Even if the state's law doesn't mention the word "material," it may work the concept into its definition of the "defects" that home sellers must disclose. Indiana law, for example, says a defect is "a condition that would have a significant adverse effect on the value of the property, that would significantly impair the health or safety of future occupants of the property, or that if not repaired, removed, or replaced would significantly shorten or adversely affect the expected normal life of the premises." (Indiana Code §32-21-5-2.)

Sellers Need Only Disclose Defects That Are Hidden (Latent)

Many states' disclosure laws provide that you must disclose only those defects that would not be patently obvious to the average buyer walking through the home.

For example, you may not have to disclose that a large crack exists in the living room wall, since a potential buyer can easily see the crack. However, you must disclose the existence of a leaky roof, as this is likely only noticeable in a heavy rain.

On the other hand, given how obvious such a problem is, there's really no reason not to add it to your disclosure form, just in case an overly litigious buyer later decides to sue over it.

Sellers Need Not Disclose Issues That Their State's Law Specifically Names as Exempt From Disclosure

Some states have carved out topics that sellers should not be required to disclose. These carve-outs are typically meant to protect the privacy of the sellers or past occupants, or to protect home sellers from being sued over issues that the legislators considered spurious.

So, for example, in California, sellers need not disclose include whether someone died on the property, as long as the death occurred more than three years before the current potential buyer’s purchase offer. (California Civil Code Section 1710.2.)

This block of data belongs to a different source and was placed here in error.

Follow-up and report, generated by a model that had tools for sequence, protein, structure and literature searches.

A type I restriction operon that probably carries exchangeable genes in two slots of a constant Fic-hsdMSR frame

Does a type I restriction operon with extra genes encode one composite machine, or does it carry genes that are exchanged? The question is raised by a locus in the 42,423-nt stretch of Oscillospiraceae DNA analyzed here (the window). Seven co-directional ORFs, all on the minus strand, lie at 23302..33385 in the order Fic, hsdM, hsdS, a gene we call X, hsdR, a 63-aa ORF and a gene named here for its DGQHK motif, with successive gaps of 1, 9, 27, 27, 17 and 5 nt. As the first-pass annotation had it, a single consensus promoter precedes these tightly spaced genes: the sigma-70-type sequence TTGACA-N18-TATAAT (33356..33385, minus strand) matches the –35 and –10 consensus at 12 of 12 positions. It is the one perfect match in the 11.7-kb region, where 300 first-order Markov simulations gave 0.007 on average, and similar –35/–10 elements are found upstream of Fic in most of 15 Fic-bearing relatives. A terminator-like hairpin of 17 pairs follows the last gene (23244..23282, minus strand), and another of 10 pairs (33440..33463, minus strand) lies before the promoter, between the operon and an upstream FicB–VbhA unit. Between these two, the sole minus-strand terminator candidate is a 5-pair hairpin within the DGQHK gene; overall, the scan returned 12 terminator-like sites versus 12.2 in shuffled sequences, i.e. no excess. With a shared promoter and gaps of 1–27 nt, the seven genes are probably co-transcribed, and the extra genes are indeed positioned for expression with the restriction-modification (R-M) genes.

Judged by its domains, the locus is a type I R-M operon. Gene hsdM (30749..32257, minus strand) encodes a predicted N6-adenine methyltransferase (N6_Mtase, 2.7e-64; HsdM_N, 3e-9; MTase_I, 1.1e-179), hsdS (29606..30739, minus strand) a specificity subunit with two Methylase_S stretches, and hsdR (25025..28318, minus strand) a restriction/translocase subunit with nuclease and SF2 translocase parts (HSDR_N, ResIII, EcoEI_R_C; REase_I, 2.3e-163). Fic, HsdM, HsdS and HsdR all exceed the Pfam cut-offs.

And in Indiana, the law says that, "An owner or agent is not required to disclose to a transferee any knowledge of a psychologically affected property . . . ." (Indiana Code § 32-21-6 -5.) In other words, a property that has acquired a stigma due to, perhaps, a suicide or ghost rumors would likely not be considered defective in Indiana.

Even if your state has such language in its disclosure laws, however, realize that you cannot lie if a buyer asks you a direct question about an issue with the property. This can be tricky. You may need to simply decline to answer.

Consequences of Failure to Comply With Disclosure Obligations

If you, as a home seller in one of the states requiring disclosures, fail to disclose hidden (latent), material defects that you knew about before the sale closed, the buyer could back out of the purchase agreement, or sue you after the purchase; perhaps years later, depending on the statute of limitations in your state.

Questions to Ask a Residential Real Estate Lawyer

  • Is this a big ("material") enough home defect to disclose to prospective home buyers?
  • The prospective buyers have asked me about whether the house is haunted. I think it is. Does the law in our state require me to disclose this? If it specifically says I don't need to disclose it, how do I answer without lying?
  • What exactly are the extent of my disclosure obligations in our state?